Perfect for fantasy fans of Sarah J. Maas and Leigh Bardugo, the first book in this new duology features a compelling gender fluid main character, impressive worldbuilding, and fast-paced action.

Sallot Leon is a thief, and a good one at that. But gender fluid Sal wants nothing more than to escape the drudgery of life as a highway robber and get closer to the upper-class―and the nobles who destroyed their home.

When Sal steals a flyer for an audition to become a member of The Left Hand―the Queen's personal assassins, named after the rings she wears―Sal jumps at the chance to infiltrate the court and get revenge.

But the audition is a fight to the death filled with clever circus acrobats, lethal apothecaries, and vicious ex-soldiers. A childhood as a common criminal hardly prepared Sal for the trials. And as Sal succeeds in the competition, and wins the heart of Elise, an intriguing scribe at court, they start to dream of a new life and a different future, but one that Sal can have only if they survive.

Just look at that cover. It's freakin' awesome! It's gorgeous! 

And the main character is genderfluid! Finally more genderfluid people, I am so excited. This sounds so awesome, I can't wait. 
What do you think of the cover? 

Monday, 13 February 2017

Fjord Blue by Nina Rossing

Fjord Blue

 Series: N/A
Author: Nina Rossing
Page Count: 256
Published: March 10th, 2016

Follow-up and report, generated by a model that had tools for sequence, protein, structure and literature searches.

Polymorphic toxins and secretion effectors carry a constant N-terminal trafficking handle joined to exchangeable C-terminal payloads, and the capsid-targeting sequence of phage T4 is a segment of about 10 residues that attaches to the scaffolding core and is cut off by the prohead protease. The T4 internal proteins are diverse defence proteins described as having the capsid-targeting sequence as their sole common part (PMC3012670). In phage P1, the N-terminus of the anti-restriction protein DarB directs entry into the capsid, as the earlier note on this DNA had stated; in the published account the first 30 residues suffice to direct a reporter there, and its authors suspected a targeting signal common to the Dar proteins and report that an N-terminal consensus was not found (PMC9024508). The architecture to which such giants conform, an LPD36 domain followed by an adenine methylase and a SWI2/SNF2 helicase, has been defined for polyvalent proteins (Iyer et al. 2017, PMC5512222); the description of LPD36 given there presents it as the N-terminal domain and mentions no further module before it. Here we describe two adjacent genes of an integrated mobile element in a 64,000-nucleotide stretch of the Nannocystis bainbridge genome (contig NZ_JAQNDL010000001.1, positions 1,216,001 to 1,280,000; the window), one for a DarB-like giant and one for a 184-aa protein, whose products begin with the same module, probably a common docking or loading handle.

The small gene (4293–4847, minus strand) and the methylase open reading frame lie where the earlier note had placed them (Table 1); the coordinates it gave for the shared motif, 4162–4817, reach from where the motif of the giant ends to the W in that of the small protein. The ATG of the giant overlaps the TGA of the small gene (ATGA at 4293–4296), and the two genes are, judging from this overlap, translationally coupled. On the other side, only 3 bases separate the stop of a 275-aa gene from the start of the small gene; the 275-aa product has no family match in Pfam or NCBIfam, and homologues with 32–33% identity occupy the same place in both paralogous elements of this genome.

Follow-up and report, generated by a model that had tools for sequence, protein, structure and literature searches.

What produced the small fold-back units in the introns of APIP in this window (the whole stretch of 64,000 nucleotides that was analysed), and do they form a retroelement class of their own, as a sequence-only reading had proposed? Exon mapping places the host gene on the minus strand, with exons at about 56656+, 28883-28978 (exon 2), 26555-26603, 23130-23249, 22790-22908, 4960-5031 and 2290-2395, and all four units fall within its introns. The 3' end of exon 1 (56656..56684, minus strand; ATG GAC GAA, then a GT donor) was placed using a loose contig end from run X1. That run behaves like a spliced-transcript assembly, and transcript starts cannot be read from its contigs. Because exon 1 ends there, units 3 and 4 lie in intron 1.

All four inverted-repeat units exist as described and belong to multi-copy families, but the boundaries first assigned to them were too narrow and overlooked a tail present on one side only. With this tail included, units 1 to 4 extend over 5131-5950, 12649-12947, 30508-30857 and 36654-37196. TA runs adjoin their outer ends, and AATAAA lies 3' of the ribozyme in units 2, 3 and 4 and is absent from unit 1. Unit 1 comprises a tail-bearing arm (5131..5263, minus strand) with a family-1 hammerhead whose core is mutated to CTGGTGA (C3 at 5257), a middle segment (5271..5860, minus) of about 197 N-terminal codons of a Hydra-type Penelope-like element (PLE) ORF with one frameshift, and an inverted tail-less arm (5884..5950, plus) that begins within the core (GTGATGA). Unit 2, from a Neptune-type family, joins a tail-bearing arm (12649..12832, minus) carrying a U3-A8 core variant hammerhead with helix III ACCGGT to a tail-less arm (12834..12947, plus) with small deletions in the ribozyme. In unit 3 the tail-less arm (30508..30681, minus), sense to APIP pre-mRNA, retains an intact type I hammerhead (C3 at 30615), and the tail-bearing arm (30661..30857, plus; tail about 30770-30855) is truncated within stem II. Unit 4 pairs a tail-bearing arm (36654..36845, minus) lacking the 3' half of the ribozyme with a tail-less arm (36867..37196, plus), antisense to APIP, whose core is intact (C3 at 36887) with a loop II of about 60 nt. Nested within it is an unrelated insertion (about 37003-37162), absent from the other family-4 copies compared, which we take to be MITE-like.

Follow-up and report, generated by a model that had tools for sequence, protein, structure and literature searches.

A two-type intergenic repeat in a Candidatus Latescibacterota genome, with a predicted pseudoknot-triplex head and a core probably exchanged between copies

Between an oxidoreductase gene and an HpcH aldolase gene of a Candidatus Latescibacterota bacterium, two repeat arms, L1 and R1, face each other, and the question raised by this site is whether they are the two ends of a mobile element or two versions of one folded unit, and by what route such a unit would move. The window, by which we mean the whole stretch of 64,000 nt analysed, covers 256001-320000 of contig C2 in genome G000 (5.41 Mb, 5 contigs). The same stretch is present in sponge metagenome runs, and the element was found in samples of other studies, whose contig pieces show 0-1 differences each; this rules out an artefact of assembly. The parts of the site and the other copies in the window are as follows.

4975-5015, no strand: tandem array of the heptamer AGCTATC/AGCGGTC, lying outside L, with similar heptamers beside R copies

Publisher: Harmony Ink Press
  3 Stars ★★★

Benjamin arrives in Norway after crashing his father's car, expected to work on his grandparents' farm for the summer. After acting out because he has discovered that he is gay, he spends his days getting up early and working with the other employees on the farm, including Even. 

Benjamin soon develops feelings for Even, feelings that only become more distracting when they move into the same bedroom. What starts as a friendship might turn into something more, if Benjamin is willing to take a risk. Benjamin isn't the only one dealing with his own problems, and he'll soon learn that love can come from the most unexpected of places. 

Most young adult books that I read take place mostly in North America, so reading about rural Norway provided a pleasant change from the usual American setting. This was one of my favourite things about this book, reading about the way of life for those living in rural Norway, the descriptions of the landscape, it all seemed so different, and at times beautiful. 

Benjamin, the main character, seemed to clash with the beautiful scenery described in the novel. Rebellious, angry, and uncertain of the future, his mind is filled with worries and fears. While I connected with his struggle concerning his sexual orientation and I really understood that part of his story, that was where my positive feelings for him ended. As a character, he wasn't truly likeable. I don't expect all main characters in books to be likeable, but sometimes, it affects the way that I perceive a book overall, and for Fjord Blue, that was definitely the case. Benjamin was, to me, quite immature for a seventeen year old, and his first person narration gave me insight into some of his thoughts, often riddled with sexism and judgement. I found myself cringing at some of the things that he said and thought, and while I wished him well, I really wanted him to evolve as a person. He did evolve a bit, but not as much as I'd have liked. To be perfectly honest, his thought processes reminded me of those of fifteen year old boys trying to be edgy upon entering high school.